Finding mental health support in the GTA 

By: Meaghan Flokstra 

Published on: April 26th, 2024

When dealing with mental health concerns, it is important to know where you can go to find help. However, it can be daunting to try to search for resources when you’re struggling. 

Thankfully, there is a wide variety of organisations in the Greater Toronto Area that focus on providing mental health services. Many of these places focus on serving specific communities, so there are many options for building a support system that can uplift you and your personal identities. 

Access Alliance 

With three different locations in Toronto, Access Alliance provides a variety of support programs for immigrants and refugees. Some of the available services include access to psychiatrists (through the Toronto Urban Health Alliance) as well as registered social workers and therapists.  

Access Alliance’s mental health services do require a referral from a primary health care provider. Ontarians searching for a health care provider can register for one at Health Care Connect through the Ontario Ministry of Health. 

Across Boundaries 

Across Boundaries offers a wide range of mental health services for racialized individuals, and they emphasise anti-racist, anti–Black racism, and anti-oppression values. Some of the programs available at Across Boundaries include psychiatric consultations, substance abuse services, and support groups. 

Help is offered here in a wide range of languages, including African languages (Shona, Amharic, Harare, Xhosa, Tsonga, Afrikaans, Swahili, Somali, Twi), Central Asian languages (Dari, Phasto, Farsi), and South Asian languages (Punjabi, Hindi, Urdu, Bengali), as well as Mandarin and some Caribbean dialects. 

Brampton Multicultural Community Centre 

With two locations in Brampton and one in Mississauga, The Brampton Multicultural Community Centre offers a wide range of programs for newcomers to Canada. One of the services they provide is crisis counselling, which can be helpful for learning how to cope with traumatic events. Some possible issues that a crisis counsellor may be able to help with include sudden illnesses, drug abuse and addiction, food and/or housing insecurity, and the death of a loved one. 

Friends of Ruby  

Based in Toronto, Friends of Ruby is dedicated to caring for the needs of LGBTQ+ youth (aged 16–29). They offer access to counsellors that can help tackle areas such as emotional regulation as well as gender and sexuality exploration. Additionally, Friends of Ruby places a specific emphasis on helping to connect LGTBQ+ youth with affordable housing, and they run a transitional home where youths in need can stay while they work toward living independently.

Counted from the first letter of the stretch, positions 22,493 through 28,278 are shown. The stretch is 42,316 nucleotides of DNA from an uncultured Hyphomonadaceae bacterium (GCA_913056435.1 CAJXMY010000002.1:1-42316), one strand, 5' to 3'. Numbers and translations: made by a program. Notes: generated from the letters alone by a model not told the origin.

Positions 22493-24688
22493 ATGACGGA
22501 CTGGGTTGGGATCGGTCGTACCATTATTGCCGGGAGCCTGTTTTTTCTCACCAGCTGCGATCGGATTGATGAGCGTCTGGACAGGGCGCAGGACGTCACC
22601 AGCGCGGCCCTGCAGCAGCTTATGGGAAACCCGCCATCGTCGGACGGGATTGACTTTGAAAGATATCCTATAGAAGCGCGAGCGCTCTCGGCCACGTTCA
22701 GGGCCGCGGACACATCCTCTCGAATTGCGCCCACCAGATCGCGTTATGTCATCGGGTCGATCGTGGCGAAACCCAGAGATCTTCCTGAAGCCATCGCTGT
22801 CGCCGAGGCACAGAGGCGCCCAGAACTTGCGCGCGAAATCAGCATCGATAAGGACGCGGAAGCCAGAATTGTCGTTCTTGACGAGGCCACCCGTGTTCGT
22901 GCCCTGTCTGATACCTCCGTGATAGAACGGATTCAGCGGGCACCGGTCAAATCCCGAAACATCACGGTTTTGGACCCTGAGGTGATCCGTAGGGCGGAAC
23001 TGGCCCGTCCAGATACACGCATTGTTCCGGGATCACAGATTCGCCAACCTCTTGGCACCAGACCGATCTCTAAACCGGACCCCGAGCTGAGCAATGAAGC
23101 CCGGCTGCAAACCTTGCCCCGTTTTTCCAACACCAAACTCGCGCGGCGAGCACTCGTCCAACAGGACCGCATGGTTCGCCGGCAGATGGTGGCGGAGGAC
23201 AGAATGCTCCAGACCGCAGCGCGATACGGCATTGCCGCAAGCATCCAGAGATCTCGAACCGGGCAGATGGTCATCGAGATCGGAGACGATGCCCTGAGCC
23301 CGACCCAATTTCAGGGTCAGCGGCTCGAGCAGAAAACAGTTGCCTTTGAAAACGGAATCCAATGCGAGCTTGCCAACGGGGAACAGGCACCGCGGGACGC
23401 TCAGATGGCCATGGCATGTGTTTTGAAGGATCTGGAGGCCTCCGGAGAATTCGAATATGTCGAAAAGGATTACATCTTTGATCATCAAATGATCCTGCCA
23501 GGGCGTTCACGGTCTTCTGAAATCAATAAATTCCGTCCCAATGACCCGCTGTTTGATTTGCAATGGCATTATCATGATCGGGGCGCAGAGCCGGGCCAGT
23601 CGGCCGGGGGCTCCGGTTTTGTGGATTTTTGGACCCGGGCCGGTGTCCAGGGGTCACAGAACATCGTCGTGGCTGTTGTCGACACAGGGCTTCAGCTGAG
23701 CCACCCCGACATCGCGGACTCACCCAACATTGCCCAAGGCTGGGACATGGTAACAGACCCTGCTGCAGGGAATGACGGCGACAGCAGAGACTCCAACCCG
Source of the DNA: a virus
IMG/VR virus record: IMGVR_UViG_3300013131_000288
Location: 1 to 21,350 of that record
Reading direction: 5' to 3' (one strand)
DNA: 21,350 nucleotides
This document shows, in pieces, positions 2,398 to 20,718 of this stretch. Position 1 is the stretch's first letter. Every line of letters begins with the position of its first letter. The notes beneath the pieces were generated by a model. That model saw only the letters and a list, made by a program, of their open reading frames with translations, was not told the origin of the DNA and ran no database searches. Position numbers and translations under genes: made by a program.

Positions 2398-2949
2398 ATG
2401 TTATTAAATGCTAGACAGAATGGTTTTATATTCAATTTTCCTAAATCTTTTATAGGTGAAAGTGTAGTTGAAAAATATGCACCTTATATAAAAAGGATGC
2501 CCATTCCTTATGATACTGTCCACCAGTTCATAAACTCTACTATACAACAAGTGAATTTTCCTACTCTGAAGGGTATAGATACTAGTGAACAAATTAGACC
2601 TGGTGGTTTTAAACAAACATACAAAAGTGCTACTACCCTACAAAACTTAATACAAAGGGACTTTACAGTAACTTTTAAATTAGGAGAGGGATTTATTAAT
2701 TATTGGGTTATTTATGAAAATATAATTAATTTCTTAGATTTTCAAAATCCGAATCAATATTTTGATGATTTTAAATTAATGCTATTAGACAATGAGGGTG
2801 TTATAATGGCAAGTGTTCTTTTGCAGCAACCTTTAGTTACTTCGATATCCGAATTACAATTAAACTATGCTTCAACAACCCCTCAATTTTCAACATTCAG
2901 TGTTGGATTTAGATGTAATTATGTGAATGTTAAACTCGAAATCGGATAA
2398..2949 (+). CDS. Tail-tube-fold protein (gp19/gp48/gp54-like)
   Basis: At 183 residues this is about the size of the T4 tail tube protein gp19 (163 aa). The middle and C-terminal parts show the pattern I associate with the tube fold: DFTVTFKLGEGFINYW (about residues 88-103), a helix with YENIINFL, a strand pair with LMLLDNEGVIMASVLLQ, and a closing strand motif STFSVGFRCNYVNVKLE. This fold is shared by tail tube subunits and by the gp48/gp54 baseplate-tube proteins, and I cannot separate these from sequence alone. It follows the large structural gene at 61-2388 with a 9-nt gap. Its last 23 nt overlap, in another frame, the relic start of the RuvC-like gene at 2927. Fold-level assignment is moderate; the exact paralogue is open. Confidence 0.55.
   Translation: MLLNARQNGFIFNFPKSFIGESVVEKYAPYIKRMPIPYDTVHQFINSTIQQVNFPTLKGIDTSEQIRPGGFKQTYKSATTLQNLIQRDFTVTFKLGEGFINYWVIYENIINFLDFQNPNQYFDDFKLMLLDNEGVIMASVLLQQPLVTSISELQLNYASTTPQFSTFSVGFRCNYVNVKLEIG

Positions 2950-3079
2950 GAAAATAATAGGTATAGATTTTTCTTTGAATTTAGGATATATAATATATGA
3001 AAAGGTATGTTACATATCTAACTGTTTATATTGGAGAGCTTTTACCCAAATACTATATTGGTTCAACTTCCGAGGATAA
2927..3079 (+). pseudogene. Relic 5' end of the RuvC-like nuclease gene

Hong Fook Mental Health Association 

Meaning “health and felicity” in Chinese, Hong Fook specialises in providing mental health care for those in Asian and other communities. They offer both individual and group therapy, and the intake process is accessible in a variety of languages, including Cambodian, Cantonese, English, Korean, Mandarin, and Vietnamese. Hong Fook has five different offices located throughout downtown Toronto, North York, Scarborough, and Markham. 

Polycultural Immigrant and Community Services 

Polycultural Immigrant and Community Services has six different locations in the GTA and offers services in over twenty different languages. They run a wide range of programs that aim to help individuals and communities of all cultural backgrounds. Short-term wellbeing counselling is available for free, and they also offer support for those struggling with problem gambling. 

Additionally, they also run the Multicultural Women’s Wellness Program. This program fosters a safe space for women dealing with mental health issues to connect with one another, discuss their experiences, and stay active together. 

Stella’s Place 

Stella’s Place focuses on providing free mental health resources to young adults (aged 16–29) in Toronto. They offer both online and in-person services, including some which do not require an appointment. Some of these drop-in options include counselling over virtual chat, café nights, and weekly music sessions. 

There are some programs at Stella’s Place that do require an appointment, including short-term counselling and Dialectical Behavioural Therapy (DBT). DBT can help patients achieve goals such as being able to cope with stress and to manage negative emotions. 

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